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Thesis defended by Clemence BENSA "Structural family, functional family : reflection on the work of adjustment of the notion by the European court of human rights and Supreme court of Canada's judges." under the joint supervision of M. DE LAMY&Ms Belleau
on the December 3, 2018
14 h Thesis Room

Structural family, functional family : reflection on the work of adjustment of the notion by the European court of human rights and Supreme court of Canada's judges. Thesis defended by Ms Clemence Bensa under the joint supervision of M. DE LAMY Bertrand, IRDEIC and Ms BELLEAU Marie Claire, Laval University.

Abstract :
Although universally known, there is no consensual agreement of the concept of family. The different social sciences, as well as the various branches of law, can’t agree on an unanimous definition. The family presents the paradox of being intimate while depending on the public sphere with regard to its recognition and exercising of the rights related to it. In recent years, the notion of family has been increasingly influenced by fundamental rights and the internationalization of personal relationships. The law, which is normally rigid, seems to have difficulty apprehending the complexity and variability of family situations. Therefore, the use of vague opinions by the legislator offers the judge more latitude of what constitutes a family. In this context, the comparative study of the jurisprudence of the European Court of Human Rights and the Supreme Court of Canada highlights the elements taken into account by judges when they take up family litigation.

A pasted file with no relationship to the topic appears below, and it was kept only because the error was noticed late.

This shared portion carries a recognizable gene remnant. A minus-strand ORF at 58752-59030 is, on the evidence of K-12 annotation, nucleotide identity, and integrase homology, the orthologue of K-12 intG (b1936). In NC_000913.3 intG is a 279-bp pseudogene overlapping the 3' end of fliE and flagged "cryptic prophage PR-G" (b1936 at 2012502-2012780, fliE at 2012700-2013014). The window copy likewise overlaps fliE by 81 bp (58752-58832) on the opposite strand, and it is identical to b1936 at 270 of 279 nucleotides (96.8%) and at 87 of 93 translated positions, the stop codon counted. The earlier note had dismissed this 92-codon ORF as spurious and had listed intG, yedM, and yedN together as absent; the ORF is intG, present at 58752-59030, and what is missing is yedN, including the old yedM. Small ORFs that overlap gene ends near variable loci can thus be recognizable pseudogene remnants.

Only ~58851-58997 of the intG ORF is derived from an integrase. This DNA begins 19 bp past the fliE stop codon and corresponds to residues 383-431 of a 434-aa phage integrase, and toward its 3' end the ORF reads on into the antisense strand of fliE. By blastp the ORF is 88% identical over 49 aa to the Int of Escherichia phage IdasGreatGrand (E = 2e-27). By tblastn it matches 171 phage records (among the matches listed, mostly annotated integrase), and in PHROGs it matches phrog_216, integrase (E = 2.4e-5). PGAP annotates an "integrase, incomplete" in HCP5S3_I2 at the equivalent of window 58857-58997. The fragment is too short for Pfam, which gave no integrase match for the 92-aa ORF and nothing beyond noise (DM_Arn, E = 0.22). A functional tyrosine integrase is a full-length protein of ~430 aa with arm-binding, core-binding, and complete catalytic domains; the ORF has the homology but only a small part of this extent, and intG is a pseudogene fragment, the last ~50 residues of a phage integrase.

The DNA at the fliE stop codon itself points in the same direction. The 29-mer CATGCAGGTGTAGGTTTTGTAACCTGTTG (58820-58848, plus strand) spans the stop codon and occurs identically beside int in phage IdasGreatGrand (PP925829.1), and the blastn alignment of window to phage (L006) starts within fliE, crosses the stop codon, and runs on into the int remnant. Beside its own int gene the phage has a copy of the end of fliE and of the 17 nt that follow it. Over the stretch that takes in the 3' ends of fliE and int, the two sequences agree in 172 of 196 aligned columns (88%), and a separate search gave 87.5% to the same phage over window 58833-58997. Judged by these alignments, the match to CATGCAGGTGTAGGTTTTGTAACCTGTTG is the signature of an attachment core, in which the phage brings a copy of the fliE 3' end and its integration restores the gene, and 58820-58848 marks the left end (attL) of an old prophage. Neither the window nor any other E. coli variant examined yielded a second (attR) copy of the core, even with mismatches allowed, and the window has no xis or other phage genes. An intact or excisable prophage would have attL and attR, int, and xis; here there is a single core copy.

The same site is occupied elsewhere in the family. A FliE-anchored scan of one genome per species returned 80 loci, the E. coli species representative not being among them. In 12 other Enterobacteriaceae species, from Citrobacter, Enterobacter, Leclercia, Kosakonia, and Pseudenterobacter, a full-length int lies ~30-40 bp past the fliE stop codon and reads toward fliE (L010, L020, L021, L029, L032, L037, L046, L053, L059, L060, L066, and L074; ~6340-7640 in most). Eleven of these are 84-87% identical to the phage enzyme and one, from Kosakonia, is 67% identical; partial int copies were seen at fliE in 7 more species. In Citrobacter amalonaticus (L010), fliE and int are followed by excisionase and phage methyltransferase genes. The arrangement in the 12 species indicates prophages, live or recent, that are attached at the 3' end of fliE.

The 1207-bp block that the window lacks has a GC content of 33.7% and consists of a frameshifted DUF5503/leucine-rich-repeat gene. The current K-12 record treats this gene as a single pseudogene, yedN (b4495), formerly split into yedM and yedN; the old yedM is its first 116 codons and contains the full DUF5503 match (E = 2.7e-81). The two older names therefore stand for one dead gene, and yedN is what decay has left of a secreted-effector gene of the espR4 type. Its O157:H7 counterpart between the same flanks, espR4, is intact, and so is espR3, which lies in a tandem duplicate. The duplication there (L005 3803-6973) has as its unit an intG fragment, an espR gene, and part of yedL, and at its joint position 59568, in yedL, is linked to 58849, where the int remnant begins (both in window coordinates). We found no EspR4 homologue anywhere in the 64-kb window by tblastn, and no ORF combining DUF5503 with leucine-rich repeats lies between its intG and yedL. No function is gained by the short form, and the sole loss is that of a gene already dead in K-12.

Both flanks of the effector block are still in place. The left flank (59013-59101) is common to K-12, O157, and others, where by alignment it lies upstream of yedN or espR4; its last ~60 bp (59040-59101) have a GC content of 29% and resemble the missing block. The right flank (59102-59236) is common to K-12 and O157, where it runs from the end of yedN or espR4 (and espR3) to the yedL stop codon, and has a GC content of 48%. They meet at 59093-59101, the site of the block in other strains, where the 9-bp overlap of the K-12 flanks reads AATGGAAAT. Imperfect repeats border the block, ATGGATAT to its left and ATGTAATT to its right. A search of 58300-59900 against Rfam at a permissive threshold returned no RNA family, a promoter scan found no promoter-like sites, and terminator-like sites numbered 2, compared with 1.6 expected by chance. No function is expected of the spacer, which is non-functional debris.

While the elaboration of a definition does not seem to be able to effectively determine the frame of the notion of family, the use of a mechanism seems, on the contrary, to offer a more flexible approach to the family phenomenon. There are two variables at the heart of the mechanism used in this study that correspond to the two sides a family can fall into: a structural side, which itself will be divided into two components, a legal and a biological one, and a functional side. This dichotomy makes it possible to take into account the real and the complex in a very evolutionary area. In addition, it offers the keys to reasoning by inviting jurists to think about the family without creating causal links between the different sides of the family that are constantly articulated, often agreeing, sometimes conflicting.

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Additional information

Jury :
  • Mme Marie-Claire BELLEAU Laval Uuniversity
  • M. Bertrand DE LAMY Toulouse 1 Capitole University
  • Mme Michelle GIROUX Ottawa Uuniversity
  • Mme Françoise TULKENS  Louvain Uuniversity
  • M. Dominique GOUBAU  Laval Uuniversity 
  • M. Lukas RASS-MASSON Toulouse 1 Capitole Uuniversity  
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